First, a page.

Managing relations with stakeholders and having an active (rather than reactive) approach to addressing grievances and concerns is always needed, but there are some circumstances in which stakeholder engagement becomes particularly relevant. Such cases may include investments (i) in countries with weak rule of law, where expectations of the private-sector acting responsibly towards stakeholders tend to be higher; (ii) where vulnerable communities are impacted (eg minority groups, indigenous peoples, low-income households); (iii) in high-risk sectors (eg extractives or developments requiring land acquisition); and (iv) in situation/regions in which security risks can be reduced through robust stakeholder engagement activities. Section 3.2 provides further guidance on how to assess the appropriate level of stakeholder engagement.
Companies should approach stakeholder engagement strategically by (i) identifying which are the key aspects of the company’s operations (including supply chains) likely to raise concerns or trigger opportunities; and (ii) who are the potentially interested or affected parties who can influence the company’s operations. Based on these, the most appropriate engagement strategy can be decided. Section 3.3 provides further guidance on stakeholder engagement strategies.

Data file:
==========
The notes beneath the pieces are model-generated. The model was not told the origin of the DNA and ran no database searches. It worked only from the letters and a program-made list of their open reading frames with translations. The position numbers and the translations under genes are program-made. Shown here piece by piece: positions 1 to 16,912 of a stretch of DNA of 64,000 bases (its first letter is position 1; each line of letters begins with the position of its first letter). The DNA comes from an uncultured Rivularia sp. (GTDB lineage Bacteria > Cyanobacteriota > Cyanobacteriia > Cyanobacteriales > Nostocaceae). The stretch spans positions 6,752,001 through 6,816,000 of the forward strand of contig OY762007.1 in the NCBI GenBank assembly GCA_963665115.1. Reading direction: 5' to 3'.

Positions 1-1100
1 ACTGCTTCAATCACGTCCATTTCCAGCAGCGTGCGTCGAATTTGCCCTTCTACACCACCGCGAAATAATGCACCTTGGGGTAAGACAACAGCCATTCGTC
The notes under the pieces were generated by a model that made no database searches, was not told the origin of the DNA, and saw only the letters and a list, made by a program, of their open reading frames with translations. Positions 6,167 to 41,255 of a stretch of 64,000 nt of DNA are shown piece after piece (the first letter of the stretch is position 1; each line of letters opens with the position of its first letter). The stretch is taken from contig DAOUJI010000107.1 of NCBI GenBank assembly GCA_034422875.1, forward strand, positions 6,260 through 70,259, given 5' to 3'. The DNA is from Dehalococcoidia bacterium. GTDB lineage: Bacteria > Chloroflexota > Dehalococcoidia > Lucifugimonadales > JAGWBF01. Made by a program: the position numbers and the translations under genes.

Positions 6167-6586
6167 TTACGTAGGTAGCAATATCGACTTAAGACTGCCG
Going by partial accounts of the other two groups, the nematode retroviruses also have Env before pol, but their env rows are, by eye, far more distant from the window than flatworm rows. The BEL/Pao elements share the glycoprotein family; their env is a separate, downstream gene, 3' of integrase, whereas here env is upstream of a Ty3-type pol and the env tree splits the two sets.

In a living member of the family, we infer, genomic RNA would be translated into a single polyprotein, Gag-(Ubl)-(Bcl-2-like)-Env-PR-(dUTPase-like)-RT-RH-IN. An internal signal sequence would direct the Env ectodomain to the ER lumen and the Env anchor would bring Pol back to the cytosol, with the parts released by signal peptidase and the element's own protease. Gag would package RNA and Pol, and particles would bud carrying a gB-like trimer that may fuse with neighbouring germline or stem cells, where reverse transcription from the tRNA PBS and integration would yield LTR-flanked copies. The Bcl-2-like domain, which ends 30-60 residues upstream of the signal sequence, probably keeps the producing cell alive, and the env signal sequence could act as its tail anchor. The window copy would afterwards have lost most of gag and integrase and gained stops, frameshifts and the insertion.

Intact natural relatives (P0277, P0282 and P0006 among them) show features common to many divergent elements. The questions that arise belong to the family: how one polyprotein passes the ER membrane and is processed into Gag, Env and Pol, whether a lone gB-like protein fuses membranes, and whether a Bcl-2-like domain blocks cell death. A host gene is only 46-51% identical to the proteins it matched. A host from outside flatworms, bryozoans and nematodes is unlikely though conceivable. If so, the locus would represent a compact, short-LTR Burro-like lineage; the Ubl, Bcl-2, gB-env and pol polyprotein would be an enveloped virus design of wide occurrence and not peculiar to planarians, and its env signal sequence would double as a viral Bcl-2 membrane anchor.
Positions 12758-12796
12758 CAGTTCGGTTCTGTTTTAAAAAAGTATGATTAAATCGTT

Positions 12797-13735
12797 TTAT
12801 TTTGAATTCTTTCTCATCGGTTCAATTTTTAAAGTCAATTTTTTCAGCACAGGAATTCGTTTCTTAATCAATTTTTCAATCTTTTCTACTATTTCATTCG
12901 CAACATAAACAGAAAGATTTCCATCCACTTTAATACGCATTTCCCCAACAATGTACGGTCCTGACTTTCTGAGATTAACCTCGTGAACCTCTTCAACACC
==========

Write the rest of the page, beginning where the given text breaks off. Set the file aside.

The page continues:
Some practical recommendations on how to effectively manage stakeholder relations are provided in Sections 3.1 to 3.12. And Section 4 includes links to tools and materials that can be used in the preparation and implementation of an engagement strategy (including a stakeholder engagement plan (SEP) outline, stakeholder mapping template, engagement database, grievance mechanism and grievance log template, and a job description for a Community Liaison Officer.
3.1. Overarching principles of engagement
Overarching principles of stakeholder engagement include the following:
3.2. How to assess the level of stakeholder engagement and effort needed
The level of engagement needed is influenced by various factors but, most importantly, by the level of social risk and the opportunities that the company’s activities generate. These will determine the level of engagement that is appropriate. Engagement methods will therefore vary from disclosure of information (eg in the media) aiming to keep stakeholders informed, to participatory processes where stakeholders are involved in decision-making (eg in cases when indigenous peoples’ land is affected). Refer to Section 3.3 for more information on types of engagement.
Table 1: Considerations to assess level of engagement
|Risk factor||Engagement considerations|